Several University of Central Florida professors and their colleagues in Colorado expect to see almost a decade of sweat and tears pay off Thursday, when one of NASA’s missions launches from Kourou, French Guiana.
The Global-scale Observations of the Limb and Disk, or GOLD, mission is the first time NASA will fly a hosted instrument aboard a commercial-communications satellite. GOLD will fly on SES-14, built by Airbus for Luxembourg-based satellite operator SES.
UCF leads the mission and the Laboratory for Atmospheric and Space Physics at the University of Colorado Boulder built the instrument that will fly on the satellite, which will help unravel the mystery of one of the lower atmosphere’s least-understood regions. Richard Eastes is the mission’s principal investigator and William McClintock is the deputy investigator.
Because of the collaboration between experts at UCF, LASP and NASA’s heliophysics scientists, GOLD is the first mission that is expected to provide scientists with observations fast enough to monitor the details of regular, hour-by-hour changes in space weather—not just its overarching climate.
The mission will inspect the dynamic region where Earth’s uppermost atmosphere meets the space that surrounds the planet, called the ionosphere. This region responds both to terrestrial weather in the lower atmosphere and the tumult of space weather from above. Big events in the lower atmosphere, such as hurricanes or tsunamis, create waves that could travel all the way up to this interface of space, changing the wind patterns and causing disruptions. On the upper side of this region, flurries of energized particles and solar storms carry electric and magnetic fields and have the potential to cause dramatic changes to Earth’s space environment.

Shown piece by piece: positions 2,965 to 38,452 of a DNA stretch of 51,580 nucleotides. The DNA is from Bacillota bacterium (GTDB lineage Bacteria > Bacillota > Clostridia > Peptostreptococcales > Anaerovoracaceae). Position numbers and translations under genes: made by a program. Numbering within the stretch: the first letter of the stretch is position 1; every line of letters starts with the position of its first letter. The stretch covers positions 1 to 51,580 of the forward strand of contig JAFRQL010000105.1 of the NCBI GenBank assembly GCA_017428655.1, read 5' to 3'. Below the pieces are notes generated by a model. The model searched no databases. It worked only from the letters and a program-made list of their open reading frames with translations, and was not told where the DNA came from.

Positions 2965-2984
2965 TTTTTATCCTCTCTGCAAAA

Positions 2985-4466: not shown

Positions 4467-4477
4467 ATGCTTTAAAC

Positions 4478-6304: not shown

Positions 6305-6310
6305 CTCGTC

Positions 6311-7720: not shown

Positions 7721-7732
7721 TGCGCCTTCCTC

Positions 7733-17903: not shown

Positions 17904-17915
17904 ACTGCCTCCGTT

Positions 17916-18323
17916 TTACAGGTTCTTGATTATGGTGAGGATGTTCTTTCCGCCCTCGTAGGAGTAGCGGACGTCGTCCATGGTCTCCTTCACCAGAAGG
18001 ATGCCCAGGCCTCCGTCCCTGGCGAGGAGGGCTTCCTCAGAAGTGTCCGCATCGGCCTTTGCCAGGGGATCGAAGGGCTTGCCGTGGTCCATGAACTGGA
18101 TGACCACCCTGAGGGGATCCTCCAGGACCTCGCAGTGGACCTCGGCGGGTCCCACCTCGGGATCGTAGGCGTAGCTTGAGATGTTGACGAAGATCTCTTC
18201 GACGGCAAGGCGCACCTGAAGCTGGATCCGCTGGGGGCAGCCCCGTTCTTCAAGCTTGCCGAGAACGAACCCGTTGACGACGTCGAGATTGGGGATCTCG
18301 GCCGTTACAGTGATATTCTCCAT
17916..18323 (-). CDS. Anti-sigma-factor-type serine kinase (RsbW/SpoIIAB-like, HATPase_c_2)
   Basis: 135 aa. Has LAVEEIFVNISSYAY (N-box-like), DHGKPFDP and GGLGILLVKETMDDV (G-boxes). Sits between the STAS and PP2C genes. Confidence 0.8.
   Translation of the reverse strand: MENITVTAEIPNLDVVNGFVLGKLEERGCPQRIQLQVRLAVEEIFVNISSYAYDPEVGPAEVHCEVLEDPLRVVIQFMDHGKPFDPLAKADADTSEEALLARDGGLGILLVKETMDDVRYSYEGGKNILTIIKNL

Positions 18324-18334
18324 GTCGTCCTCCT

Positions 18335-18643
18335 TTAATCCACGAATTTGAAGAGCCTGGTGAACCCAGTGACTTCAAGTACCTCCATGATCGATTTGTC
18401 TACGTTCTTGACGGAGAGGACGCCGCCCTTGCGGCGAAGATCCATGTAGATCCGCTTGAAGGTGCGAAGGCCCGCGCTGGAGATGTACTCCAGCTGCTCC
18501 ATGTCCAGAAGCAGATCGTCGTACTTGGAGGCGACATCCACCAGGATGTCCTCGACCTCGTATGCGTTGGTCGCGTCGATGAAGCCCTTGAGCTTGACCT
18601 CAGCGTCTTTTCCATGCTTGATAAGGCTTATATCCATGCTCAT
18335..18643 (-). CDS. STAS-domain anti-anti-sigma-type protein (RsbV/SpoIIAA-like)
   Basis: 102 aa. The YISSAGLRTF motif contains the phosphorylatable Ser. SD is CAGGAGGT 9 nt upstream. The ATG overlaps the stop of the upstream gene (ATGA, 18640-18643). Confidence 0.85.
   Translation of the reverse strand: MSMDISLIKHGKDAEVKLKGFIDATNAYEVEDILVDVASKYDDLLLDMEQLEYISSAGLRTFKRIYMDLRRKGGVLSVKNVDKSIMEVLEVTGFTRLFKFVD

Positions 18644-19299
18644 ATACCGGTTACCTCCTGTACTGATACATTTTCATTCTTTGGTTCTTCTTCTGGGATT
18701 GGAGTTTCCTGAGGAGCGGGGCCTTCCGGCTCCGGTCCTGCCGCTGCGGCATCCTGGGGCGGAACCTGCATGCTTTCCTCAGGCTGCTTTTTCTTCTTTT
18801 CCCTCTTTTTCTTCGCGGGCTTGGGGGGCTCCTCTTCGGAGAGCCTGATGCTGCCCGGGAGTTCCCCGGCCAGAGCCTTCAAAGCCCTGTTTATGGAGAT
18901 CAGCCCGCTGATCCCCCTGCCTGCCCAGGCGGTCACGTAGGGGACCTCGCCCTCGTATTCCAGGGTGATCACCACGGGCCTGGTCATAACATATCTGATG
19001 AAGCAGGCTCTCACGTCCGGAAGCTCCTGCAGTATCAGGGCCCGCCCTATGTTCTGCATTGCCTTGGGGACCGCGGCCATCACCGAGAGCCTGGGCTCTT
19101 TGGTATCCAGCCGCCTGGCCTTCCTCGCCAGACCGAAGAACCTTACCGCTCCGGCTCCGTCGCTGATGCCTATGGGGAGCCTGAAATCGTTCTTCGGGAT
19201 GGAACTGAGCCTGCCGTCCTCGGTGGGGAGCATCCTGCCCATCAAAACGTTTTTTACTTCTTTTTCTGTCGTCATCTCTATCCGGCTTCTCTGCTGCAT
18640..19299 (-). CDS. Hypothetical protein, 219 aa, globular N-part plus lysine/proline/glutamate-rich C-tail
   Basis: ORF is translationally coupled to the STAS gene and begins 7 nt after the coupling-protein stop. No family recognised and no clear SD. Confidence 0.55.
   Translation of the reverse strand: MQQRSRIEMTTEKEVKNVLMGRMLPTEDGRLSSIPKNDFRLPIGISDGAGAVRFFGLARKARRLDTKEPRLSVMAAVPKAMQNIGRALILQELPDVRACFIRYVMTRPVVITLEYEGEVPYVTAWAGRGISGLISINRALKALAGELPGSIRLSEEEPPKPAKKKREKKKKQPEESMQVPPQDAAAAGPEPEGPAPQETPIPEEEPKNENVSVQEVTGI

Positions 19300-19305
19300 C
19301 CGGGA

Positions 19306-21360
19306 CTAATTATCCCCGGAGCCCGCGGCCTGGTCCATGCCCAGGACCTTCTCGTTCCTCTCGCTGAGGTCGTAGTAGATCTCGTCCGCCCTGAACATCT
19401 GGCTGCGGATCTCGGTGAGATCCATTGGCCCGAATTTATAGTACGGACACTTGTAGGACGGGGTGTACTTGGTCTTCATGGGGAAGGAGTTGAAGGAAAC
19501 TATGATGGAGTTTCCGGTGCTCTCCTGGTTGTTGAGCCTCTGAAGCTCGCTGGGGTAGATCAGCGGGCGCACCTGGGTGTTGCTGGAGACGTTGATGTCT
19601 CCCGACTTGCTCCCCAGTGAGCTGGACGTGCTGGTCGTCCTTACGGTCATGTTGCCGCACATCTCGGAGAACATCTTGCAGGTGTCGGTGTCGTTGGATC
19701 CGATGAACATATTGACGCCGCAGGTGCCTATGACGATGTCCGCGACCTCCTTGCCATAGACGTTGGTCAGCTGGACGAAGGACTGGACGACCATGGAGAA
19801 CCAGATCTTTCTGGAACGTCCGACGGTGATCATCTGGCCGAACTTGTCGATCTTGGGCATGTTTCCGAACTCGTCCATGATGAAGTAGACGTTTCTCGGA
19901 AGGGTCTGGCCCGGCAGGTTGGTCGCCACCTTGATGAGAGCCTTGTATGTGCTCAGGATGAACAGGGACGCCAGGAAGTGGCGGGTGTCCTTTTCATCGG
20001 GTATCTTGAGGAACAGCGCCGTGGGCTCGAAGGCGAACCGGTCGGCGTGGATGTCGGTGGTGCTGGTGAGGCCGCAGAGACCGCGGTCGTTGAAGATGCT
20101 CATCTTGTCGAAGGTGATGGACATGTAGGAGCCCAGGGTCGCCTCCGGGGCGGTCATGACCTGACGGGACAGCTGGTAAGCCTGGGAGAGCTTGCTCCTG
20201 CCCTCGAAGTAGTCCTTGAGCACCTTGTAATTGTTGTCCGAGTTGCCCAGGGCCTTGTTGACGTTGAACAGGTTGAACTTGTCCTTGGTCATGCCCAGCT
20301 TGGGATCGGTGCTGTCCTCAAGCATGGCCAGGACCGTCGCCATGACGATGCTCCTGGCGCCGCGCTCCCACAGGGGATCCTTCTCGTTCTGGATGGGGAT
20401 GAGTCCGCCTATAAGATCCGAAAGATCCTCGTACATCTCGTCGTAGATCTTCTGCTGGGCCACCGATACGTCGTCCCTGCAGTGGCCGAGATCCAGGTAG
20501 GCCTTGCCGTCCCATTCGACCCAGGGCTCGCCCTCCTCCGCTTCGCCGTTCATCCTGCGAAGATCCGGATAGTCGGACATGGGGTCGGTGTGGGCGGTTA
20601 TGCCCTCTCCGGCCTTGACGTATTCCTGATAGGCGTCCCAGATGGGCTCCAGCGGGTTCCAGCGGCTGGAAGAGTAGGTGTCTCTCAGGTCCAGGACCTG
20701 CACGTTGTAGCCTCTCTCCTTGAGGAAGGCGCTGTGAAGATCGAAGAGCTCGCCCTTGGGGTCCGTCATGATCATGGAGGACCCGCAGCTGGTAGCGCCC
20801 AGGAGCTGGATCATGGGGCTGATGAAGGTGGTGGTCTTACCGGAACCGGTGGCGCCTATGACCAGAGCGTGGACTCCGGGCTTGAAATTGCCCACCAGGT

This combination of factors makes it difficult to predict changes in the ionosphere—and these changes can have a big impact. Communication signals, such as radio waves and signals that make our GPS systems work, travel through this region, and sudden changes can distort them or even cut them off completely. Understanding how the region fluctuates is also important for protecting satellites, astronauts and even the International Space Station, which all fly through the ionosphere.
GOLD seeks to understand what drives change in this critical region.
Once the satellite reaches proper orbit—in about six months—UCF computer science professor Hassan Foroosh will jump into action, integrating all algorithms for various data products collected, including the ultraviolet images provided by LASP’s two UV imaging channels aboard GOLD. Foroosh serves as the GOLD Science Data Center principal investigator, which means he will also manage, archive and disseminate mission data products.
Electrical and computer engineering professor W. Linwood Jones will provide the analysis necessary for accurate geolocation of the images observed, and colleague Jun Wang will help explore how to accelerate the speed of the big data analytics being collected.
The first meteorological satellites revolutionized the ability to track and ultimately predict terrestrial weather, and the science community anticipates a similar leap in the understanding of space weather once GOLD completes its mission.
The launch window opens at 5:20 p.m. Thursday. to view the launch, click here beginning at 5 p.m. https://www.nasa.gov/nasalive
Pictured: Jun Wang and Hassan Foroosh of the UCF College of Engineering and Computer Science. Photo above courtesy Arianespace